Legalized sports betting may be coming to Minnesota. Just not anytime soon.

A brief letter from a significant player in the world of legal gambling has altered the politics around the issue of sports betting in Minnesota. At least for today.
Last week, Charles Vig, the seat of the Minnesota Indian Gaming Association, wrote Gov. Tim Walz and the four legislative leaders to say the nation’s gambling tribes were not interested in adding sports betting to their offerings.
But he did not stop there. From the letter, Vig said the tribes will probably oppose passage of laws to add Minnesota to the growing list of states with legalized sports betting. “The Minnesota Indian Gaming Association continues to oppose the expansion of off-reservation gambling, including the legalization of sports betting,” he wrote.
The seven casino-owning tribes in Minnesota combine a group of unusual allies in opposing sports betting bills this year, including groups such as Citizens Against Gambling Expansion, which concerns about the ill effects of gaming, including addiction.
The tribes do not possess a veto over non-tribal gambling, but their voices are influential, especially among DFLers such as Gov. Tim Walz and the new House majority. Under federal law, states need to deal in good faith to allow tribes to offer the very same kinds of gambling that’s legal off-reservation.
Until a U.S. Supreme Court decision last spring cleared the way for states to offer sports gambling similar to what’s lawful in Nevada casino gambling books, that law wasn’t an issue in Minnesota. Now it is. With a 6-3 majority, the court ruled in Murphy v. NCAA that Congress exceeded its authority by preventing states from legalizing and regulating sports betting. The case had been brought by New Jersey, which wanted to provide a boost to its fighting Atlantic City casinos, also had tried a set of legal moves to end the federal ban against sports gambling in all states except Nevada.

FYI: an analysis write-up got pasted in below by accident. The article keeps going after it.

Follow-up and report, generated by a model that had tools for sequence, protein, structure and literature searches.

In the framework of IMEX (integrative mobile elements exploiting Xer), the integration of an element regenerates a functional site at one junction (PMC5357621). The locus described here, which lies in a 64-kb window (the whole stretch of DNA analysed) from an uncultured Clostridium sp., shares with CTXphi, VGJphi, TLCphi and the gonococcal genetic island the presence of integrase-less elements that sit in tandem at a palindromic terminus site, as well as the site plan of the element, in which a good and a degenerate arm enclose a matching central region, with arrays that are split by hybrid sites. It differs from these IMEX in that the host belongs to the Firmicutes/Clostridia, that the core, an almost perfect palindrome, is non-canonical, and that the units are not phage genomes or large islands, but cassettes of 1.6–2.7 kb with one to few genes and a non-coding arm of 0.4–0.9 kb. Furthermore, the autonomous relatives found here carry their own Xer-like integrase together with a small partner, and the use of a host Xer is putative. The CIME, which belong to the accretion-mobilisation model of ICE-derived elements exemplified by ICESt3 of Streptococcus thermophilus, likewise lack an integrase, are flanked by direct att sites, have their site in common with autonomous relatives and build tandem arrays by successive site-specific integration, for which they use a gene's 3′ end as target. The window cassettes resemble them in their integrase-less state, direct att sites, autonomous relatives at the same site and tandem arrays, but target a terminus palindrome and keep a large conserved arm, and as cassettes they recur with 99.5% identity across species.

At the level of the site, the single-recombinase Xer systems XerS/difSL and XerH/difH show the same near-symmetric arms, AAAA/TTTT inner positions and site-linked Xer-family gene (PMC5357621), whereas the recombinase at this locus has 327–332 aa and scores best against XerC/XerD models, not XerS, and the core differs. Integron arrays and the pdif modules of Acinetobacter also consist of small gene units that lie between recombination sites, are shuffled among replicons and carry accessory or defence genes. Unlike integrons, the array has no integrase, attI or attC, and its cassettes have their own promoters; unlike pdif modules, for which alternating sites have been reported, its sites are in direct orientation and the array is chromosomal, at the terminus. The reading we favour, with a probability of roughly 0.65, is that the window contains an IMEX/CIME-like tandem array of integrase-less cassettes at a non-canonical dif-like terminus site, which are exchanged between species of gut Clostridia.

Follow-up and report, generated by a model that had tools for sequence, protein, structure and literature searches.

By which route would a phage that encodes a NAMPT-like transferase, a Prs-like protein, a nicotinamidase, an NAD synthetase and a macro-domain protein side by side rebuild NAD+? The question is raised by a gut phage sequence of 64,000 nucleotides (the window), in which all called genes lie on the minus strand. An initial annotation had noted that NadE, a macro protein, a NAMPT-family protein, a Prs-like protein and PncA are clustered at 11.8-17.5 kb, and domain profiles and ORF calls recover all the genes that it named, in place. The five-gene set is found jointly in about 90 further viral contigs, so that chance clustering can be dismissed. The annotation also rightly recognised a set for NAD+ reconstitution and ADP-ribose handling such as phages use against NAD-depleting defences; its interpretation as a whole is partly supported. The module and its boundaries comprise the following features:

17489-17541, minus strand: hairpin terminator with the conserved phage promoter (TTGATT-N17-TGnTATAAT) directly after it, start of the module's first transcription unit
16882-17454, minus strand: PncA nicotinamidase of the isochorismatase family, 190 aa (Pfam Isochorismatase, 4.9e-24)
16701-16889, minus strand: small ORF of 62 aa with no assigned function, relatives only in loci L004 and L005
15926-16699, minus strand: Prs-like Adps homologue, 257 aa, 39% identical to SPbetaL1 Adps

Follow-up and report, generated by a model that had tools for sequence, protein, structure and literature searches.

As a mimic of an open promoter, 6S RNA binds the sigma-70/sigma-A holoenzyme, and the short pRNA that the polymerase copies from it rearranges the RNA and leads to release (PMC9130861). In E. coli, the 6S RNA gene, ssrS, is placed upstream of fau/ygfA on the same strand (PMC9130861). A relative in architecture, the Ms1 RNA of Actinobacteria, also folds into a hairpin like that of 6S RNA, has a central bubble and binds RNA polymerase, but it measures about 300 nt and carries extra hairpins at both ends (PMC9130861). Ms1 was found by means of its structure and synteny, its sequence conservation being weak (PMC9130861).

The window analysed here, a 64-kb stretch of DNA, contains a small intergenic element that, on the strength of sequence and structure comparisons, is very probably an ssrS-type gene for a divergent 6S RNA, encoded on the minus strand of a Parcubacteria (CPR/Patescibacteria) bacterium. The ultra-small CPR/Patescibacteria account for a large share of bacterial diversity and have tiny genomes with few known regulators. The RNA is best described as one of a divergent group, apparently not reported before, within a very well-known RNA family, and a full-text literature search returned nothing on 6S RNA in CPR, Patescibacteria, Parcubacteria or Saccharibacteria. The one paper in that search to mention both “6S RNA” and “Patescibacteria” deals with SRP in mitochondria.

From the majority opinion, Justice Samuel Alito, Jr. wrote that Congress has the authority to pass legislation to govern sports betting itself. However, if it decides not to, each nation is free to do so, and many have done exactly that.
A draft bill circulated in the Minnesota capitol in the conclusion of the 2018 session but no formal bill was filed and no hearings were held. Supporters of the legislation, headed by Sen. Roger Chamberlain, R-Blaine, have been coordinating a bill for this session,.
Chamberlain, who is chair of the Senate Taxes Committee, was surprised and a little disappointed in the tribes’ place, which he found out about through Twitter. “We met with them and while they’re not always in alignment they are obviously concerned about losing their economic foundation, the economic engine,” Chamberlain said. “We understand that. We have reassured them that we are not interested in damaging that interest or jeopardizing tribal compacts.”
State Sen. Roger Chamberlain
Courtesy of Senate Media Services
State Sen. Roger Chamberlain, R-Blaine, stated cellular betting must be part of this state law since that’s where much of the betting action is.
But Chamberlain said he is optimistic it remains subject to negotiations, and he said he believes it might be a triumph for the state, the tribes and to get non-tribal betting. “There is no reason to shut out the remainder of the state and the rest of the potential customers and players and operators from taking part in a totally safe and lawful business,” he explained. “We expect to get to a place where everyone can agree and I think we could.”